R.I.P. John Young

Official portrait of John Young (Photo NASA)
Official portrait of John Young (Photo NASA)

On January 5 the American astronaut John Young passed away after complications from pneumonia.

John Watts Young was born on September 24, 1930 in San Francisco, California, USA. After earning a degree in aeronautical engineering in 1952, he enlisted in the US Navy, where he served during the Korean War. Subsequently, he received training as a pilot of helicopters and later of various combat aircraft. In 1959 he became a test pilot and during the many test flights he performed he established some world time-to-climb records.

In 1962 John Young joined NASA and in 1964 was chosen as a pilot for the Gemini 3 mission, the first of that program with a crew of two astronauts. The launch took place on March 23, 1965 for a flight lasting just under 5 hours. Young sneaked a sandwich on the spacecraft and ate it with commander “Gus” Grissom during the mission. The two of them scattered crumbs around the capsule and NASA didn’t take it well because even a small piece of bread could have created problems for some electronic equipment.

John Young was appointed commander of the Gemini 10 mission, launched on July 18, 1966 for a duration of almost 3 days. That mission was much more complex than Gemini 3 because included not only some scientific experiments but also a rendezvous with two Agena Target Vehicles (ATVs), automated spacecraft launched specifically for that type of test. His pilot Michael Collins also performed two spacewalks during the mission.

The next space mission for John Young was the Apollo 10, the second to orbit the Moon, with the role of command module pilot. During almost exactly 8 days, the crew conducted various tests to the lunar module, trying out the maneuvers needed to descend to the Moon and taking various photos of the site selected for the Moon landing in the Apollo 11 mission.

The fourth space mission for John Young was the Apollo 16 as commander. In just over 11 days after the launch on April 16, 1972, the crew reached the Moon, where Young and his colleague Charlie Duke spent nearly 3 days performing a series of scientific experiments and tests on a lunar rover used to explore the area.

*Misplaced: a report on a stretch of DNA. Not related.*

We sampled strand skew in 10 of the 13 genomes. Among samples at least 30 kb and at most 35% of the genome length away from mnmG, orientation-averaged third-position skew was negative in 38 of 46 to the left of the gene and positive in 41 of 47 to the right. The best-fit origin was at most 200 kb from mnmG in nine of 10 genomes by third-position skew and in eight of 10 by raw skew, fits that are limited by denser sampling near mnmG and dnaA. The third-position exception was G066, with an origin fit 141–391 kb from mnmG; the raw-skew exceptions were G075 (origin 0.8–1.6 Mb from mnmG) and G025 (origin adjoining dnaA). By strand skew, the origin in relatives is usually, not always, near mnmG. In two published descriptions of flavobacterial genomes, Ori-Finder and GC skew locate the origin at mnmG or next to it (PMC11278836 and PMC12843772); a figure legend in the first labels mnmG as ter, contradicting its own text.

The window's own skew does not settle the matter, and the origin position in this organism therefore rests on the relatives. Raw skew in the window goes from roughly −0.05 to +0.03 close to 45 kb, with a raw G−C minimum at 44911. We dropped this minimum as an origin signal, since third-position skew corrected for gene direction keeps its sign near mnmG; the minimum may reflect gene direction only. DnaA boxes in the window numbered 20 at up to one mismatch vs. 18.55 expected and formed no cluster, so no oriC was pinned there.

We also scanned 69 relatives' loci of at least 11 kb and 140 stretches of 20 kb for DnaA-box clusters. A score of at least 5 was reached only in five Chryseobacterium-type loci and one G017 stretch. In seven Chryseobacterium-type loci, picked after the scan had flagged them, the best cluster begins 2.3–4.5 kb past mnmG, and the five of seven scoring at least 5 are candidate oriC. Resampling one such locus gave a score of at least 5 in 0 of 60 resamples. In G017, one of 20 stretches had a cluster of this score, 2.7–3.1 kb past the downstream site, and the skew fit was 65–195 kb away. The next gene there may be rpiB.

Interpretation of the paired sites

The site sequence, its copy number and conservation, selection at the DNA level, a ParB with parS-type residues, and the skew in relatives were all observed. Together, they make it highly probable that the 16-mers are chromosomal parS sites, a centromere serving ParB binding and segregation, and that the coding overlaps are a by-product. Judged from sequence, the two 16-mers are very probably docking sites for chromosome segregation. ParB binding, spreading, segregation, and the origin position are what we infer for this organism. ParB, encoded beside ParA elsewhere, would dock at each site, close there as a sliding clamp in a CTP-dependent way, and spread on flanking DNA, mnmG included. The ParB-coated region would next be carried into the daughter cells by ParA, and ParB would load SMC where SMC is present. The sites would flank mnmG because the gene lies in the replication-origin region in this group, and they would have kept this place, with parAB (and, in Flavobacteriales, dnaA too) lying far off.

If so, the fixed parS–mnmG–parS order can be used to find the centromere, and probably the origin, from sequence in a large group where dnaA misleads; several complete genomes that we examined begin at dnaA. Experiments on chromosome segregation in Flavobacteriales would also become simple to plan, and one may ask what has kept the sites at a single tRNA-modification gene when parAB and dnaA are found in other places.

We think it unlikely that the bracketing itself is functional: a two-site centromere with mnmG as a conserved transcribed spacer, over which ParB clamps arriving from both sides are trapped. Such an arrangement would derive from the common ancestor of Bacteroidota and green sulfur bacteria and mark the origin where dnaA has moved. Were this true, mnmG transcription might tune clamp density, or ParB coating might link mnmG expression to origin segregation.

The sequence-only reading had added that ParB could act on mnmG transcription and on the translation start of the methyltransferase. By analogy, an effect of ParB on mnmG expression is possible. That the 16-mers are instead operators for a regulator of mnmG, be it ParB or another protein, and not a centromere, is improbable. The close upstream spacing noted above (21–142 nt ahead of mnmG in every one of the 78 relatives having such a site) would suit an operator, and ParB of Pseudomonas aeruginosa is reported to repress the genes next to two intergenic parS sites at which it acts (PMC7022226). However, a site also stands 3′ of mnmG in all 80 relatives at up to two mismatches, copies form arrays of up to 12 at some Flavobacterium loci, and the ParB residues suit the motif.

In 1973 John Young became director of the new Space Shuttle Branch of the Astronaut Office and in 1974 director of the Astronaut Office. That didn’t mark the end of his career as an astronaut because he was assigned to the STS-1 mission, the first of the Space Shuttle program on the Columbia as a commander. The launch took place on April 12, 1981 and in the course a little over 2 days, along with his pilot Robert Crippen, he conducted a series of tests of the Columbia’s systems and performance.

The last space mission for John Young was the STS-9, again as commander of the Space Shuttle Columbia but this time with a crew that included 5 more people. The launch took place on November 28, 1983 and in the course of just over 10 days the first experiments were carried out in the Spacelab, a module to be used as a laboratory to conduct scientific research in space within a collaborative program between NASA and ESA. In the course of the landing, a loss of hydrazine caused a fire on the Columbia’s back. nevertheless the landing was successful.

John Young was considered for the mission that was to carry the Hubble Space Telescope into orbit, but the Challenger disaster stopped the entire Space Shuttle program. Young worked with various functions at NASA until 2004, when he officially retired. However, he kept on collaborating with the agency for several more years.

Duting his life, John Young was married twice: from 1956 to 1972 with Barbara White, with whom he had a son and daughter, and later with Susy Feldman.

During his life John Young received various awards and decorations from the Navy, NASA and the American Congress. They show in part his extraordinary contribution to decades of space missions. His passing means the loss of one of the men who have been on the Moon and in general of one of the great pioneers of space travel, a man who thought that the future of the human species was in space.

John Young on the Moon (Photo NASA)
John Young on the Moon (Photo NASA)

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